September is National Passport Awareness month, so this might be a good time to look at this gold standard of identification, especially if your book is 9 years old. But wait. Isn't a passport good for 10? Yes. And no.
You've seen passports change over the years, and you'll see them change again. But the most encouraging change is the government's increased emphasis on the end user — those of us who travel. You may not believe that the words "customer service" and "U.S. government" can dwell within the same sentence, but the
Improvements since 2007, when applications seemed to disappear into a black hole? Yes. But the passport and the rules governing it aren't simple. In some cases, thanks to other countries or new ways of doing business, those rules might catch you off-guard. Here's some of what you need to know:
Passports used to be valid for 10 years — and they still are. (It's five for children.) But increasingly, said Brenda Sprague, deputy assistant secretary for passport services, countries demand that your passport has at least six months on it before the expiration date, a growing issue in European countries. Your passport may be perfectly valid, but it may not be accepted. Her suggestion: "Once you pass the nine-year mark, it's time to get a new passport."
You used to be able to submit your passport application at just about any post office. Now not every post office accepts applications. Sometimes libraries do. Sometimes court clerks do. The best way to find out: iafdb.travel.state.gov.
Van Nuys now has a "mega" passport application center (15701 Sherman Way), which is part of a seven-facility pilot program that could be the wave of the future. You can submit your application, and you can also have your passport photo taken. It also has hours that may be more convenient for people who work: 11 a.m. to 7 p.m. Tuesdays through Fridays and 9 a.m. to 5 p.m. Saturdays. The new mega center in Santa Clarita (2801 Franklin Parkway) is open 10 a.m. to 6 p.m. Tuesdays through Fridays and 9 a.m. to 5 p.m. Saturdays. Look for a third center to open next month in Glendale at 313 E. Broadway; hours to be determined. (And of course, there is still the Los Angeles Passport Agency at 11000 Wilshire Blvd., Suite 1000.)
The days of passports with un-numbered pages are numbered. Sprague said the book's pages had contained numbers at one time; that was stopped. Starting in 2016, pages will again be numbered so it will be easier to tell how many pages you have left. That's important because some countries won't accept passports that have fewer than four pages remaining. The bad news? Read on.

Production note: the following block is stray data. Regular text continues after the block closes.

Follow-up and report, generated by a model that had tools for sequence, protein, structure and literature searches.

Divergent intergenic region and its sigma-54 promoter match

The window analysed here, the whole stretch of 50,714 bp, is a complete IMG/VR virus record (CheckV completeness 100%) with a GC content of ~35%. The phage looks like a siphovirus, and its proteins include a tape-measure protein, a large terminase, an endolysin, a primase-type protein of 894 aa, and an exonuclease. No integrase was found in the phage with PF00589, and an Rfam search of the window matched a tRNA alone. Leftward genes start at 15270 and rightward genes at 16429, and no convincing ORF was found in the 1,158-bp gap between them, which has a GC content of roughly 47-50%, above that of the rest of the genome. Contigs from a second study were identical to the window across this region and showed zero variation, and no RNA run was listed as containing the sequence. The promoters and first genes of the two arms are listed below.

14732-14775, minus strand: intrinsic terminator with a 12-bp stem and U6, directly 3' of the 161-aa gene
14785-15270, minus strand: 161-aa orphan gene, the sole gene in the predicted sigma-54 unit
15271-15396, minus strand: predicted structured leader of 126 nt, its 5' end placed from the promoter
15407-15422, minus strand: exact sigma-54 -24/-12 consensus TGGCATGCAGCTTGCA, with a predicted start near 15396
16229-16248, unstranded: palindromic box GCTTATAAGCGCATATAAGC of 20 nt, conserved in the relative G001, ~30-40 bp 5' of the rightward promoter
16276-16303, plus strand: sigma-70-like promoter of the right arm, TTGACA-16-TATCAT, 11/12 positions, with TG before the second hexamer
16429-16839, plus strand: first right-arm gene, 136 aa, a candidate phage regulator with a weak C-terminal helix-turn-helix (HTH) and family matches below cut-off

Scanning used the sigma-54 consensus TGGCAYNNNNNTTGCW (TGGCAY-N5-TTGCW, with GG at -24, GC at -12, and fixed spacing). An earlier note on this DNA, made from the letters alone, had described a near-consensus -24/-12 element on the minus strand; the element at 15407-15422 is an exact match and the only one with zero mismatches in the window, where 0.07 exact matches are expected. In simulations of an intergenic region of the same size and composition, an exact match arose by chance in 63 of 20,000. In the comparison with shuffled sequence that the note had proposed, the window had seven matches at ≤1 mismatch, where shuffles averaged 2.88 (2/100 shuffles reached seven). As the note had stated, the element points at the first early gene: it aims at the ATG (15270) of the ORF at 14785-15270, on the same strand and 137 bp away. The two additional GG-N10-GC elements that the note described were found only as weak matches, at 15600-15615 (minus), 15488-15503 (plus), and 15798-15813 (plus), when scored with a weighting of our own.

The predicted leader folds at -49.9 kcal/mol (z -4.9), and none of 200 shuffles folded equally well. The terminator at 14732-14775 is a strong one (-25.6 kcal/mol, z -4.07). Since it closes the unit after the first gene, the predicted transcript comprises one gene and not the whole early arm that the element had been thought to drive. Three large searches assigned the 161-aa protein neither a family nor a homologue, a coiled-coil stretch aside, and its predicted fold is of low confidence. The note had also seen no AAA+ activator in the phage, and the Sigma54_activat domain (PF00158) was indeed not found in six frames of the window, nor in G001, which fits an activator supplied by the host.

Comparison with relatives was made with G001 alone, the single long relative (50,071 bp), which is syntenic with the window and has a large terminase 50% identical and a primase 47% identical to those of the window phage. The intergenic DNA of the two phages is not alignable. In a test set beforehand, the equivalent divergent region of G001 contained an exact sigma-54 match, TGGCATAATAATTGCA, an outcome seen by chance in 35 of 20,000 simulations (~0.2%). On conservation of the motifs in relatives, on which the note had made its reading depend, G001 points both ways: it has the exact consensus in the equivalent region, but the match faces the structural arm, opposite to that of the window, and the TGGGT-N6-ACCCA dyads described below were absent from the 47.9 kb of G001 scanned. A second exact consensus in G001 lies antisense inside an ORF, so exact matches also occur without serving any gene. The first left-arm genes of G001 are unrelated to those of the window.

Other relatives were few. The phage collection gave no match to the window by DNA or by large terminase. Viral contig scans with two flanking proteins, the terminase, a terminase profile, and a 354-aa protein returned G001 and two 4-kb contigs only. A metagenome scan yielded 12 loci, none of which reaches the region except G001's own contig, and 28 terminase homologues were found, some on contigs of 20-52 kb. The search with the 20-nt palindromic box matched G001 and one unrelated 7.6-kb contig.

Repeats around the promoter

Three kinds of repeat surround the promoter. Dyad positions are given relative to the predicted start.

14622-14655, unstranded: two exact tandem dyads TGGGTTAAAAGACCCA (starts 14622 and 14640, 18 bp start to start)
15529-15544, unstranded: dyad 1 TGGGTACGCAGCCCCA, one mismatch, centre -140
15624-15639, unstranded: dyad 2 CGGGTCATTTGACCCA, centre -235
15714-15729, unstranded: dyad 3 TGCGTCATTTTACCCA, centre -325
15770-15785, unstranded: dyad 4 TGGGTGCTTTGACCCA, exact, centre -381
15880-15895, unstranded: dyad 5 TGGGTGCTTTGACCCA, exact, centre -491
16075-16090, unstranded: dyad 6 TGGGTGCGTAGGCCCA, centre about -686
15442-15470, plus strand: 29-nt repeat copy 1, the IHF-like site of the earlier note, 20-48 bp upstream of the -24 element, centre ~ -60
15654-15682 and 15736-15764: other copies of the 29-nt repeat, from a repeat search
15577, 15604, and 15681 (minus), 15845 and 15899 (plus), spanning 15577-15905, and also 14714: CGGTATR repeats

Starting in 2016, you won't be able to add pages to your passport. People who travel a lot often run out of pages for visa stamps; pages could be added. But, Sprague said, "Nobody does [that] anymore. It is not state of the art; it is archaic." The good news? Read on.
You can order a passport book that's 52 pages (43 for visas) instead of the standard 28 (17 for visas), and it doesn't cost extra. (It's available now, by the way.) If you think you might need extra pages, you can ask for the bigger book, although the State Department website says that's not guaranteed.
The 2016 model passport will contain a polycarbonate page in which your info chip is embedded and thus better protected, something many countries are doing, Sprague said. The coating helps if your book gets wet or you sit on it and bend it, she added.
Passport processing's stated times are generally four to six weeks, but, Sprague said, "we consistently beat that." About 20% of passport applications encounter problems, which means most do not. Since summer 2007, when a record 18.3 million passports were issued and applications moved more slowly than a slug in the sun, the number of passport adjudicators has doubled, she said, improving wait times. "Our goal is no missed trips," she said — trips that aren't missed because you don't have your travel documents. (You're on your own if you oversleep and miss your flight.)
Remember when it was the rare American who had a passport? In 2013, 117.4 million Americans had passports; in 1989, that number was 7.3 million. "The most important thing is when people need a passport, it shouldn't be an ordeal," she said. "People are entitled to travel internationally…. We want to open up the world."